EGU General Assembly 2023
© Author(s) 2023. This work is distributed under
the Creative Commons Attribution 4.0 License.

Increasing methane emissions from the North Slope of Alaska since 2000 and late Autumn-Winter emissions from multiple Arctic regions

Rebecca H. Ward1, Anita L. Ganesan1, Colm Sweeney2, John Miller2, Mathias Goeckede3, Tuomas Laurila4, Juha Hatakka4, Viktor Ivakhov5, and Alexander Makshtas6
Rebecca H. Ward et al.
  • 1University of Bristol, School of Geographical Sciences, United Kingdom of Great Britain – England, Scotland, Wales (
  • 2NOAA Global Monitoring Laboratory, Boulder, Colorado, United States
  • 3Max Planck Institute for Biogeochemistry, Jena, Germany
  • 4Finnish Meteorological Institute, Helsinki, Finland
  • 5Voeikov Main Geophysical Observatory, St Petersburg, Russia
  • 6Arctic and Antarctic Research Institute, St Petersburg, Russia

Large stores of carbon frozen in the Arctic as permafrost are under threat of thawing as temperatures in the Arctic increase at a rate four times that of the global mean. This study uses recent atmospheric data from the North Slope of Alaska and Northeast Siberia to provide the most up-to-date assessment of emissions and trends from these two major high-latitude regions.

We use two methods to quantify emissions and assess trends across different seasons: 1) Using 35 years of data from Barrow, Alaska, a wind sector method that quantifies trends in emissions by calculating concentration enhancements over background using wind direction to identify the land sector (first used in Sweeney et al., 2016), and 2) using Barrow data and recent data from three Siberian stations, an inversion method with the high-resolution atmospheric transport model NAME that quantifies both emissions and trends from these regions. We use results from these two approaches to quantify the temperature sensitivity (Q10) of soils based on correlations between surface air and ground temperatures with methane emissions.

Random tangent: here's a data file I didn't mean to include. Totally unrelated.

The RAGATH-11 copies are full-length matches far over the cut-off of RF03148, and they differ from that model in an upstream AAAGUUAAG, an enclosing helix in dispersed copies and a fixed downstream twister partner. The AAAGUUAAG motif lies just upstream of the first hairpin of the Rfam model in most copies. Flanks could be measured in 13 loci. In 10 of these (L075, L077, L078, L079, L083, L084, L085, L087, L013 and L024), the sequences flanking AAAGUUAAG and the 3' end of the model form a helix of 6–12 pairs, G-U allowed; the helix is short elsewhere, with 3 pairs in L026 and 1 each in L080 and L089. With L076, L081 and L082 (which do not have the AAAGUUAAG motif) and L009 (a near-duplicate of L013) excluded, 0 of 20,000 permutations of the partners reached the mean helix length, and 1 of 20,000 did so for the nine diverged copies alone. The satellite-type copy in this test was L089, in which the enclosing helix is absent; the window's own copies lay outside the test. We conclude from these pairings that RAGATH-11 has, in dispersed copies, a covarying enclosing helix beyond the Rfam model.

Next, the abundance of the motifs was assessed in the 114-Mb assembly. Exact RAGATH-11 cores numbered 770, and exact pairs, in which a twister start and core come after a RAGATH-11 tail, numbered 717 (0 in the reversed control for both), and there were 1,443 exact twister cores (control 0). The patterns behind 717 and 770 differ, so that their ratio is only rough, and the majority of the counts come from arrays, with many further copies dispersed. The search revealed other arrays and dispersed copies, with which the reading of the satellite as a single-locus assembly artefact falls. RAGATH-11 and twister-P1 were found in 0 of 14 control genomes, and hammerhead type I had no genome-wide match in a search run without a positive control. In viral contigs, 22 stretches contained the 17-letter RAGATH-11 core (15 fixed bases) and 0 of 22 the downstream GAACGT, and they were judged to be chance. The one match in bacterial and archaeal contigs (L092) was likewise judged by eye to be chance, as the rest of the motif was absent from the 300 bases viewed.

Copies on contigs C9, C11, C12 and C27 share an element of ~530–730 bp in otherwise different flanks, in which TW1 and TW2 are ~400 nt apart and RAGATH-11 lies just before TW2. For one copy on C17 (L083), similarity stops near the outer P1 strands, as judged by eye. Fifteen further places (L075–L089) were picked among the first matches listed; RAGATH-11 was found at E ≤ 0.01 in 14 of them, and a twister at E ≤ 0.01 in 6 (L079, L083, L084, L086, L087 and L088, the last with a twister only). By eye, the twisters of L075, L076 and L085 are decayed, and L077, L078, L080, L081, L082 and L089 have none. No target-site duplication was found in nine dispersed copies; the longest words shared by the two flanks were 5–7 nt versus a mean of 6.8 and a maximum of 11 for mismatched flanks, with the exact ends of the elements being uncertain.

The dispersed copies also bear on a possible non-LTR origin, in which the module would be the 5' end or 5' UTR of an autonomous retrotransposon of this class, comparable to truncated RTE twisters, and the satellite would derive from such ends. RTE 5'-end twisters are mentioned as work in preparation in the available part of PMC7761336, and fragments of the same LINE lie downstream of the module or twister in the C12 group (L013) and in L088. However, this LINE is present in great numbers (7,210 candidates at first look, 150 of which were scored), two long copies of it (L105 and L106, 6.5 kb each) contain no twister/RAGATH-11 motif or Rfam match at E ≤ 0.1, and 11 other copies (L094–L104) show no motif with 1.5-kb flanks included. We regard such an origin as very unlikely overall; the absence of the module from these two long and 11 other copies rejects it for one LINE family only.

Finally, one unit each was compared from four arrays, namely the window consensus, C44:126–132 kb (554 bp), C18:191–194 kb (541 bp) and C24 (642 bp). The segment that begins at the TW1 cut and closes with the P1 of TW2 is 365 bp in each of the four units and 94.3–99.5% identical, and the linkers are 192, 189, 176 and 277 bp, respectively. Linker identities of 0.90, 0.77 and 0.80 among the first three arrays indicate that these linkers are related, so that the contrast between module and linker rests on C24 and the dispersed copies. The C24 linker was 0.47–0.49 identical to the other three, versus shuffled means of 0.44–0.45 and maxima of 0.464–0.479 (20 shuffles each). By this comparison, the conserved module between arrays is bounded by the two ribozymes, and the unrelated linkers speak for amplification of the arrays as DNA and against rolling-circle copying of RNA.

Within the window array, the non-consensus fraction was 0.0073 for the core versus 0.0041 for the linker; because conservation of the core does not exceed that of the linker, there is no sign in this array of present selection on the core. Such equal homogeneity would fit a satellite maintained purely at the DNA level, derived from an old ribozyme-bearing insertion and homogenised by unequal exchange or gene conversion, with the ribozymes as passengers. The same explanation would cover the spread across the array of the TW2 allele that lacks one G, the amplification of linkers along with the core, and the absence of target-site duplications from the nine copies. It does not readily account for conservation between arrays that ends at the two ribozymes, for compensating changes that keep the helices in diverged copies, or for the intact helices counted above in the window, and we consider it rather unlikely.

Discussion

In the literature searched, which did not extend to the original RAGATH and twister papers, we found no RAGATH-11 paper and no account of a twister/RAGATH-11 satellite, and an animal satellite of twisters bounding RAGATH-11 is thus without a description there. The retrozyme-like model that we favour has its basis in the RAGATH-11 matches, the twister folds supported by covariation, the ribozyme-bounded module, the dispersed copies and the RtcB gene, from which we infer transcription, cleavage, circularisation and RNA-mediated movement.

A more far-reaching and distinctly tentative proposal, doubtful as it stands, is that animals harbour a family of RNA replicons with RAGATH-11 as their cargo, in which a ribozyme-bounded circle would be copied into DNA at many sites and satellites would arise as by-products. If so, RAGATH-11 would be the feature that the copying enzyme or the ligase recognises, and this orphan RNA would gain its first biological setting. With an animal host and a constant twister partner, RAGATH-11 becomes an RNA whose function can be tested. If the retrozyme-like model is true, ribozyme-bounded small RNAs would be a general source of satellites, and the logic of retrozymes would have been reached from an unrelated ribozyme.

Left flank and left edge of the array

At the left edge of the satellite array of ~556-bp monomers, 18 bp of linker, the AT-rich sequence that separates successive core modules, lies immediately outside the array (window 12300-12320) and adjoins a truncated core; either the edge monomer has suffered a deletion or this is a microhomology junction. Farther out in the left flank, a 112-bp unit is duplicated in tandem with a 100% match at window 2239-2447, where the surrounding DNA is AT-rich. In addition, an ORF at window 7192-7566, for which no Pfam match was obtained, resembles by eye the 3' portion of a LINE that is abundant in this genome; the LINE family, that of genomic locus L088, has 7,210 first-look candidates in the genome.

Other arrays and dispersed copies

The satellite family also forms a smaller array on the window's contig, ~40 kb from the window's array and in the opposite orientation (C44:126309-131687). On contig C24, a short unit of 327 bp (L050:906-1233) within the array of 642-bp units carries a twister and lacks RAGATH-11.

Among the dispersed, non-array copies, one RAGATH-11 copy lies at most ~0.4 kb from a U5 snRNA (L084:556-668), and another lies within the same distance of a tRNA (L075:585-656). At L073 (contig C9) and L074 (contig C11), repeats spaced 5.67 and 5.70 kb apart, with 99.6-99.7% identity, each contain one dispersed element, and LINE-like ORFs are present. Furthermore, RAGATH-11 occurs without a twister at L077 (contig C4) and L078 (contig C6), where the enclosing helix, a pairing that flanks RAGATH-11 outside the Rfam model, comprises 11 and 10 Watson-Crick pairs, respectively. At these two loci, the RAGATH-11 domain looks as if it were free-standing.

With the inclusion of atmospheric concentration data after 2015, we now show that land emissions from the North Slope of Alaska have been increasing since 2000, reflecting a change from previous analyses, which showed no significant increase in summertime methane emissions between 1986-2014 (Sweeney et al., 2016). We find significant emissions from the late shoulder season (Autumn-Winter), which has historically been undermeasured and underrepresented in models and emissions inventories, in this region of Alaska as well as two North-eastern Siberian locations, the Taymyr Peninsula and the East Siberian Lowlands. We show that emissions during this late-season have been growing over the past two decades at a rate similar to summer-time emissions.

Our results based on long-term atmospheric data can be used to show that important change is happening in the Arctic, with an increasing emissions trend and the presence of late shoulder season emissions.

How to cite: Ward, R. H., Ganesan, A. L., Sweeney, C., Miller, J., Goeckede, M., Laurila, T., Hatakka, J., Ivakhov, V., and Makshtas, A.: Increasing methane emissions from the North Slope of Alaska since 2000 and late Autumn-Winter emissions from multiple Arctic regions, EGU General Assembly 2023, Vienna, Austria, 24–28 Apr 2023, EGU23-7504,, 2023.